For example;
Extract in $HOME, then copy to $PATH:
Code:
sudo cp -a ~/snapmergepuppy /usr/local/bin/

And run:
Code:
snapmergepuppy

(sudo command is included in the script, when running as user, an xterm window will appear)
(the default user on these live images doesn't need to enter password, which is nice but if you create another/new user it probably will)

EDIT: re-attached, improved version, better parsing the exact location of 'live' folder e.g. /lib/live/mount/medium/DEB/live, works on DebianDog also now when using live-boot v3 or v4

Fred
snapmergepuppy.tar.gz
Description  re-attached, improved snapmergepuppy for live-boot
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Filename  snapmergepuppy.tar.gz 
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rufwoof

Joined: 24 Feb 2014
Posts: 2395

PostPosted: Fri 22 Jul 2016, 09:20    Post subject:  

Wow! Nice find. Great - thanks Fred.
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rufwoof

Joined: 24 Feb 2014
Posts: 2395

PostPosted: Fri 22 Jul 2016, 19:51    Post subject:  

Just added a hot corner type action to Debian Jessie LXDE, where if you push the mouse to the top left (or any other corner you choose) you see a small preview of the desktop and all open apps spread out so you can select to activate that app.

Install skippy-xd I grabbed a .deb from http://main.mepis-deb.org/mx/repo/pool/main/s/skippy-xd/ and installed by running

install dpkg -i skippy*.deb
apt-get -f install

edit ~/.config/openbox/lxde-rc.xml

Just after the keyboard and chainQuitKey section
Code:
<keyboard>
  <chainQuitKey>C-g</chainQuitKey>

add the keybind

Code:
<!-- Launch skippy -->
  <keybind key="A-w">
      <action name="Execute"><command>skippy-xd</command></action>
  </keybind>


... which attaches skippy to a manual key combination of ALT-w

In Synaptic install brightside

in a terminal run brightside-properties

for the desired corner set a custom action of skippy-xd and close that dialog session.

Next add

@brightside

to /etc/xdg/lxsession/LXDE/autostart so it starts at reboot.

Reboot (or log out and back in again) and push the mouse to the top left corner to see what happens. Should look something like the attached image where all the open windows are spread out and available to have one clicked to be brought into focus.

EDIT

Create a folder ~/.config/skippy-xd and within that create a skippy-xd.rc file containing :

Code:
# Copy this to ~/.config/skippy-xd/skippy-xd.rc and edit it to your liking
#
# Notes:
#
# - colors can be anything XAllocNamedColor can handle
#   (like "black" or "#000000")
#
# - distance is a relative number, and is scaled according to the scale
#   factor applied to windows
#
# - fonts are Xft font descriptions
#
# - booleans are "true" or anything but "true" (-> false)
#
# - opacity is an integer in the range of 0-255
#
# - brighness is a floating point number (with 0.0 as neutral)
#
# - if the update frequency is a negative value, the mini-windows will only
#   be updated when they're explicitly rendered (like, when they gain or
#   lose focus).
#
# - the 'shadowText' option can be a color or 'none', in which case the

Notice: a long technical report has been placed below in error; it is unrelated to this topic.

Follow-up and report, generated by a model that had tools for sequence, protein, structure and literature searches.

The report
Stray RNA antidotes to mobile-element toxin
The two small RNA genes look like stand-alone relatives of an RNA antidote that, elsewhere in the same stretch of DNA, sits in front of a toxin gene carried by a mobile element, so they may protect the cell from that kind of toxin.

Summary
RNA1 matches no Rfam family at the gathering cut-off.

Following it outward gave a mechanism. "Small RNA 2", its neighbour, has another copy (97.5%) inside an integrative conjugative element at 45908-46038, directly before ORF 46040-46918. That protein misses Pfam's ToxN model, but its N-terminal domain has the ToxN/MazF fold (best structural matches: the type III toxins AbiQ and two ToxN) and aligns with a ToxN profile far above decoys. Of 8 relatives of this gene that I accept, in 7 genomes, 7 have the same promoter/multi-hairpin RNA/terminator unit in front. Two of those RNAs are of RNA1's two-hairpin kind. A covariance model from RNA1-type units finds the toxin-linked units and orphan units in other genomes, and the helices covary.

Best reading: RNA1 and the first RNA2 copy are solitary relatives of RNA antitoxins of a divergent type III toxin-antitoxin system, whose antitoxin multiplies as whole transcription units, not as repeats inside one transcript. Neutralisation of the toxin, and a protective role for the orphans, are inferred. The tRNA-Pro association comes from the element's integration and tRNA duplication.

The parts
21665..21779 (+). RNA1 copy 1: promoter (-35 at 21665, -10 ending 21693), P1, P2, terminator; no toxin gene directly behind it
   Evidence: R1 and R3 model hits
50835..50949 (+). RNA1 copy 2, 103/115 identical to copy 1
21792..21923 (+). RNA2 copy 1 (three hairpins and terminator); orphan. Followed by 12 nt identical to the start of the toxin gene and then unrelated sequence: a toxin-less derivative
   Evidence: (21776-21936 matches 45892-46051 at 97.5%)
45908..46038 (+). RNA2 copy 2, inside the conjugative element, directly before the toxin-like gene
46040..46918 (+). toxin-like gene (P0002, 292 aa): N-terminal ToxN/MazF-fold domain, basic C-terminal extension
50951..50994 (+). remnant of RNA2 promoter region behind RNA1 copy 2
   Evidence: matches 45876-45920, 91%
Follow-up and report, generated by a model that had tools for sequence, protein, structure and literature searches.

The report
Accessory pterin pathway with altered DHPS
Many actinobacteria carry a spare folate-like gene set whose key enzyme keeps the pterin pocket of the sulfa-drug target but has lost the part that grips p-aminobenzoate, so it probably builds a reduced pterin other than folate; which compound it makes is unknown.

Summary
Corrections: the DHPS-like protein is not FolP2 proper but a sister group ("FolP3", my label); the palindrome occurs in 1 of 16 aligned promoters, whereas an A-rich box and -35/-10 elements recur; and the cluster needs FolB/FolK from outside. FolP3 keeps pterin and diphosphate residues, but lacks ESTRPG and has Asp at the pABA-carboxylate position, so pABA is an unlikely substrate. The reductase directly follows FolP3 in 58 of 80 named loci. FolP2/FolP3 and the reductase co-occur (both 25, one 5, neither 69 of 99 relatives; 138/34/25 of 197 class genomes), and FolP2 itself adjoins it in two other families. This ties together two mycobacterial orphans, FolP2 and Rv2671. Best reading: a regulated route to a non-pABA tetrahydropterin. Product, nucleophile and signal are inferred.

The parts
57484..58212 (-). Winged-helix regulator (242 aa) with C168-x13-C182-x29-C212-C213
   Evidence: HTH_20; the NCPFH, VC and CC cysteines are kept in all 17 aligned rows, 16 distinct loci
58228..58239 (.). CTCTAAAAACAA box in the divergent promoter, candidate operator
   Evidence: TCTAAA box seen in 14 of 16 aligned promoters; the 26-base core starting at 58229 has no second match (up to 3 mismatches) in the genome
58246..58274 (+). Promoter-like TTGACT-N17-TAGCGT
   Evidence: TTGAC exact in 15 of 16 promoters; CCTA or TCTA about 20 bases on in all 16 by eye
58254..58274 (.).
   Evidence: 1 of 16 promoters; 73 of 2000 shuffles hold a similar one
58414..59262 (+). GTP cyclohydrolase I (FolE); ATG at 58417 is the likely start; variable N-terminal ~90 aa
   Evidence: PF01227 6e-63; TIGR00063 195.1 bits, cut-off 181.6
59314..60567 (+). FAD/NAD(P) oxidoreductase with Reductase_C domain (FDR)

#   drop-shadow effect is disabled
#
# - Picture specification:
#   [WIDTHxHEIGHT] [orig|scale|scalek|tile] [left|mid|right] [left|mid|right]
#   [COLOR|#FFFFFFFF] [PATH]
#
#   Examples:
#   background = 500x400 tile right mid #FF0000 /home/richard/screenshots/256.png
#   background = orig mid mid #FF000080
#
# - Bindings in [bindings] section can bind to "no" (do nothing), "focus"
#   (focus to window), "iconify", "shade-ewmh" (toggle window shade state),
#   "close-icccm" (close window with ICCCM method), "close-ewmh" (close
#   window with EWMH method), or "destroy" (forcefully destroy the window).
#

[general]
distance = 50
useNetWMFullscreen = true
ignoreSkipTaskbar = true
updateFreq = 10.0
lazyTrans = false
pipePath = /tmp/skippy-xd-fifo
movePointerOnStart = false
movePointerOnSelect = false
movePointerOnRaise = false
switchDesktopOnActivate = false
useNameWindowPixmap = false
forceNameWindowPixmap = false
includeFrame = true
allowUpscale = true
showAllDesktops = false
showUnmapped = true
preferredIconSize = 48
clientDisplayModes = thumbnail icon filled none
iconFillSpec = orig mid mid #00FFFF
fillSpec = orig mid mid #FFFFFF
background =

[xinerama]
showAll = true

[normal]
tint = black
tintOpacity = 0
opacity = 200

[highlight]
tint = #101020
tintOpacity = 64
opacity = 255

[tooltip]
show = true
followsMouse = true
offsetX = 20
offsetY = 20
align = left
border = #ffffff
background = #404040
opacity = 128
text = #ffffff
textShadow = black
font = fixed-9:weight=bold

[bindings]
miwMouse1 = focus
miwMouse2 = close-ewmh
miwMouse3 = iconify


I found that the hot corner launching was slow, however by running brightside-properties and activating and setting the bottom two 'delay' slidebars to zero (far left), and then deactivating again, even though those actions weren't actually activate resulted in much quicker activation time.
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Last edited by rufwoof on Sat 17 Sep 2016, 03:09; edited 1 time in total
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dancytron

Joined: 18 Jul 2012
Posts: 1093

PostPosted: Fri 22 Jul 2016, 22:13    Post subject:  

Quick question. I know Toni said how to do it at one point or another but I couldn't find it.

How do you change it so the apt and synaptic only download required dependencies instead of required and suggested dependencies?

I went to install Xine-ui and it wanted to install a ton of stuff. Debian dog only installs a few things.

Dan